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Being that I needed a min-heap implementation for a project, I implemented one. Now that it's finished I though about having a review for it. I'm interested in all aspects: readability, performance, naming, comments, everything.

I'm planning on extending it afterwards with other features like the possibility to choose between max and min heap, but for now it's just a min-heap and before extending it further I wanted a review of the current version.

public class Heap<TKey, TValue> : IQueue<KeyValuePair<TKey, TValue>>
{
    private readonly IList<KeyValuePair<TKey, TValue>> _heap 
        = new List<KeyValuePair<TKey, TValue>>();
    private Comparer<TKey> _keyComparer;

    /// <summary>
    /// Get the number of items in the Heap.
    /// </summary>
    public int Count => _heap.Count;

    /// <summary>
    /// The default constructor of a Heap.
    /// </summary>
    public Heap() 
        : this(Comparer<TKey>.Default, new Dictionary<TKey, TValue>())
    { }

    /// <summary>
    /// A constructor of a Heap.
    /// </summary>
    /// <param name="comparer">The comparer for TKey.</param>
    public Heap(Comparer<TKey> comparer)
        : this(comparer, new Dictionary<TKey, TValue>())
    { }

    /// <summary>
    /// A constructor of a Heap.
    /// </summary>
    /// <param name="comparer">The comparer for TKey.</param>
    /// <param name="elements">The initial elements of the Heap.</param>
    public Heap(Comparer<TKey> comparer, IEnumerable<KeyValuePair<TKey, TValue>> elements)
        : this(comparer, elements.ToDictionary(e => e.Key, e => e.Value))
    { }

    /// <summary>
    /// A constructor of a Heap.
    /// </summary>
    /// <param name="comparer">The comparer for TKey.</param>
    /// <param name="elements">The initial elements of the Heap.</param>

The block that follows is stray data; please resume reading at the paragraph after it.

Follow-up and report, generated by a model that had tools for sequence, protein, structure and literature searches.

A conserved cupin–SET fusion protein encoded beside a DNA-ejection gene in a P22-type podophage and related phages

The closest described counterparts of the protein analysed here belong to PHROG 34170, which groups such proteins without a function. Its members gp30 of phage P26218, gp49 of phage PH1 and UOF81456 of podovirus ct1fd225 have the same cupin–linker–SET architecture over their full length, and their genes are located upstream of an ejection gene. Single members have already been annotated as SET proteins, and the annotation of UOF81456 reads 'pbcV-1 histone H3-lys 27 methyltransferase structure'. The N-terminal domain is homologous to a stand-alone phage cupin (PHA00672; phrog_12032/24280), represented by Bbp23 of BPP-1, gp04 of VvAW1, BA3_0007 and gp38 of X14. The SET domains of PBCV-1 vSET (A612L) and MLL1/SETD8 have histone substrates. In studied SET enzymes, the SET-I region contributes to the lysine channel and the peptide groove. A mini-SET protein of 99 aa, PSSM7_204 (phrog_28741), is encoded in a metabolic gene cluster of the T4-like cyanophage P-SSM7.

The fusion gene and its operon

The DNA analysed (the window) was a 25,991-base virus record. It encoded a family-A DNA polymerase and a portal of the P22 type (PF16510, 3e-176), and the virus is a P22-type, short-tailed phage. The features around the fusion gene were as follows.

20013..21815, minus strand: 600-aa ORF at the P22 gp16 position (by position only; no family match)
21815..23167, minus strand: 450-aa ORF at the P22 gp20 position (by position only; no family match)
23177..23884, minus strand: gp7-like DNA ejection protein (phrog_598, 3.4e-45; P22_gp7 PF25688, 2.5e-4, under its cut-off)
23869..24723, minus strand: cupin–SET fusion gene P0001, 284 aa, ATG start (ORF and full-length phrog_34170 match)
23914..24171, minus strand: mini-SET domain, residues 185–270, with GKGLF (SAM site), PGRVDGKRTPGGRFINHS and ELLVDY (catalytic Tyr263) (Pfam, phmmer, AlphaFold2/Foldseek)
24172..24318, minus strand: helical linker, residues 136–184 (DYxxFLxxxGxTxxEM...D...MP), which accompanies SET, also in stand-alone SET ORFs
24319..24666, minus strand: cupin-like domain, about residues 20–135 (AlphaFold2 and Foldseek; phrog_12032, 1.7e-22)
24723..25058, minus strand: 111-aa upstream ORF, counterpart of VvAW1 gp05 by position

public Heap(Comparer<TKey> comparer, IDictionary<TKey, TValue> elements)
    {
        _keyComparer = comparer;
        PushAll(elements);
    }

    /// <summary>
    /// Peek the next element in the Heap.
    /// </summary>
    public KeyValuePair<TKey, TValue> Peek()
    {
        return _heap.FirstOrDefault();
    }

    /// <summary>
    /// Pop the next element from the heap.
    /// </summary>
    /// <returns>The removed element.</returns>
    public KeyValuePair<TKey, TValue> Pop()
    {
        var element = Peek();

        if(!element.Equals(default(KeyValuePair<TKey, TValue>)))
        {
            RemoveFirst();
        }

        return element;
    }

    private void RemoveFirst()
    {
        int first = 0;
        int last = _heap.Count - 1;
        _heap.Swap(first, last);
        _heap.RemoveAt(last);
        SinkDown(first);
    }

    /// <summary>
    /// Push an element in the Heap.
    /// </summary>
    public void Push(KeyValuePair<TKey, TValue> element)
    {
        _heap.Add(element);
        BubbleUp(_heap.Count - 1);
    }

    private void BubbleUp(int index)
    {
        if (index == 0)
        {
            return;
        }

        int parentIndex = GetParentIndex(index);

        if (_keyComparer.Compare(_heap[index].Key, _heap[parentIndex].Key) < 0)
        {
            _heap.Swap(index, parentIndex);
            BubbleUp(parentIndex);
        }
    }

    private int GetParentIndex(int index)
    {
        return (index - 1) / 2;
    }

    /// <summary>
    /// Push the indicated elements in the Heap.
    /// </summary>
    public void PushAll(IEnumerable<KeyValuePair<TKey, TValue>> elements)
    {
        PushAll(elements.ToDictionary(e => e.Key, e => e.Value));
    }

    /// <summary>
    /// Push the indicated elements in the Heap.